In the event of the position object not being what we expected and not include the coordinates we need, then we need to do something else, but either way we should not invoke our callback because our callback is only useful when we have the coordinates it needs so badly.

So let's revise our line just slightly and add the following code to our function:

function getUserCoordinates(callback) {
  navigator.geolocation.getCurrentPosition(function (position){
    if (position.coords) { // <-- Added this
      callback(position.coords);
    }
  });
}

What is this if thing? Well, you should know by now how to inspect your code, so how about you play in your Console for a minute. Try using this if magic and see what it yields. I have a feeling you can start getting a good idea. Some magical things you could try:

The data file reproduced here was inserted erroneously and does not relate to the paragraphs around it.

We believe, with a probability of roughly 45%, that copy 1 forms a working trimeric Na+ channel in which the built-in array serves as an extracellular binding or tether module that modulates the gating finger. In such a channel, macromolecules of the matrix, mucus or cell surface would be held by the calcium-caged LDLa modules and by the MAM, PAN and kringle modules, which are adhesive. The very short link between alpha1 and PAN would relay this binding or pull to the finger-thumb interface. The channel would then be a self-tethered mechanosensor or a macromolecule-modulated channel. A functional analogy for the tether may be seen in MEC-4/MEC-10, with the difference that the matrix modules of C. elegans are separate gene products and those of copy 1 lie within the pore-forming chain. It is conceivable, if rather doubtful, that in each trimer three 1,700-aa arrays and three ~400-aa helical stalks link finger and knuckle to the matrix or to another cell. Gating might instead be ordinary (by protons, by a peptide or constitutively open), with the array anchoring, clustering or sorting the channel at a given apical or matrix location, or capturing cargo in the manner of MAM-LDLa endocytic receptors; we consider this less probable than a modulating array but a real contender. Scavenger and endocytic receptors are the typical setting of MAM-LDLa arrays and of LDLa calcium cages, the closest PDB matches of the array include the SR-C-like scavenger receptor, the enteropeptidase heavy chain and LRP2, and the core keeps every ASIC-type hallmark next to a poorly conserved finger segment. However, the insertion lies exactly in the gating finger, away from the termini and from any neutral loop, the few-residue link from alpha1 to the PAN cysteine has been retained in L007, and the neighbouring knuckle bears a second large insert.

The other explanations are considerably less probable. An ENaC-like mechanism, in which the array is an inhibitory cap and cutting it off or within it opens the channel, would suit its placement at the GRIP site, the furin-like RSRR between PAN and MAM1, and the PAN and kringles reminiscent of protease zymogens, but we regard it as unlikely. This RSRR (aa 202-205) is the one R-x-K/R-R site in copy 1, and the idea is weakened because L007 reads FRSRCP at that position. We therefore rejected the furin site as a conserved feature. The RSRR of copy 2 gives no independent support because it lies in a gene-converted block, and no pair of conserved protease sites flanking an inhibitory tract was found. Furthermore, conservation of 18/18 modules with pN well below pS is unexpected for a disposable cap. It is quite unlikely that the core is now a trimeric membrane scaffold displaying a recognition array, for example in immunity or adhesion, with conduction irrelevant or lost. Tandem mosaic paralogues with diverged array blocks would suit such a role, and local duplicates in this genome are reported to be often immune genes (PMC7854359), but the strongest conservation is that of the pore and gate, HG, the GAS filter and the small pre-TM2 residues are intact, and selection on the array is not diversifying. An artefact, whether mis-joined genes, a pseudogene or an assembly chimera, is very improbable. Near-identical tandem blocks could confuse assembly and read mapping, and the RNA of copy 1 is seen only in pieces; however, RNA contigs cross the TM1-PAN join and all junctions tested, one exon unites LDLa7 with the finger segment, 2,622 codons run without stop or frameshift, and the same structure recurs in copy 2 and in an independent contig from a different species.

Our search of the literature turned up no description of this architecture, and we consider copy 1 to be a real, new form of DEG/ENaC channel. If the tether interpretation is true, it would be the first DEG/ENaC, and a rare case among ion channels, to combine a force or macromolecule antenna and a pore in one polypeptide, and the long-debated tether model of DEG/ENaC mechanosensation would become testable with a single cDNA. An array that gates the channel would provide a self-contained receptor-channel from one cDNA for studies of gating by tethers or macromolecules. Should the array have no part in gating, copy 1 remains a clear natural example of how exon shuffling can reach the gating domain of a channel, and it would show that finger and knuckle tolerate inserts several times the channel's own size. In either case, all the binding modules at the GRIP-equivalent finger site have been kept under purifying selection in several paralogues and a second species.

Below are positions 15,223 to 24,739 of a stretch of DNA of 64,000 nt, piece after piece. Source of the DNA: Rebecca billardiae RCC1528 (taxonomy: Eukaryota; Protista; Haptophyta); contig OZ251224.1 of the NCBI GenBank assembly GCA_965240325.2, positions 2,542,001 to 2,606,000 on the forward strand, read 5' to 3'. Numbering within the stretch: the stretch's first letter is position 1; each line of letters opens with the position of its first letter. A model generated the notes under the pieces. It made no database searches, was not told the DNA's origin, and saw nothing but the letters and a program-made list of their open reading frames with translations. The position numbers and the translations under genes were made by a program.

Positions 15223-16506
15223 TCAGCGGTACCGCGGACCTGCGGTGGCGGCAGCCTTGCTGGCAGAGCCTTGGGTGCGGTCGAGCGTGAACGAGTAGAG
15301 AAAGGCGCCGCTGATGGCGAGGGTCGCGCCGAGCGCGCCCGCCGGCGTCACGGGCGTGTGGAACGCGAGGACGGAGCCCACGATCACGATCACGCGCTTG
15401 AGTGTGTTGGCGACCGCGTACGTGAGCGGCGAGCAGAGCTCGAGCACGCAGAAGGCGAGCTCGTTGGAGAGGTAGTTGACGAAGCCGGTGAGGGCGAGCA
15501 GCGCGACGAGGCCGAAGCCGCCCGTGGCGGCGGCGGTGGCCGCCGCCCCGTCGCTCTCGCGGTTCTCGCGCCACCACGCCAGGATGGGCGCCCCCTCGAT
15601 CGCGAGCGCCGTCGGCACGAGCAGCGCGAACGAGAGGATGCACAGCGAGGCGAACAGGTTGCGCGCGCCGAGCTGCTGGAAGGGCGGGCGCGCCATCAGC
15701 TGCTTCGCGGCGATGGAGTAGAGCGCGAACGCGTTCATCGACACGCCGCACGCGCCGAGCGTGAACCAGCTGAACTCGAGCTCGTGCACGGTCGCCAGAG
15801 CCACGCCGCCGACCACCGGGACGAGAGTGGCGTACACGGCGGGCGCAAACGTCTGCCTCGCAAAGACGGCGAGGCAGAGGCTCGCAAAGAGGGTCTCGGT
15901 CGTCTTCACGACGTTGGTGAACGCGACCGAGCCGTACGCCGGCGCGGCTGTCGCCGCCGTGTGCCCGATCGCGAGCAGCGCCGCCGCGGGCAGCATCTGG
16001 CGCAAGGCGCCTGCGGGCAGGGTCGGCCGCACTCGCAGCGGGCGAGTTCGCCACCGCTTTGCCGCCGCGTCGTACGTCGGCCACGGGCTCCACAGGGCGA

if (false) {
  console.log(false);
}

if (true) {
  console.log(true);
}

Hmm I wonder which one is going to do what. Is it going to print false or true to the Console? Don't just stand there! Try and see for yourself! It's not like a mistake in your browser will launch a nuke and start a war, so what are you afraid of?!


So conditionals.

Conditionals are a huge part of programming. They basically mean if something is true, do one thing, otherwise (if it is false) do another thing.

What thing?

Consider the example we had before. If position.coords is true, the interpreter will perform what's inside the code block that follows (enclosed by the curly braces).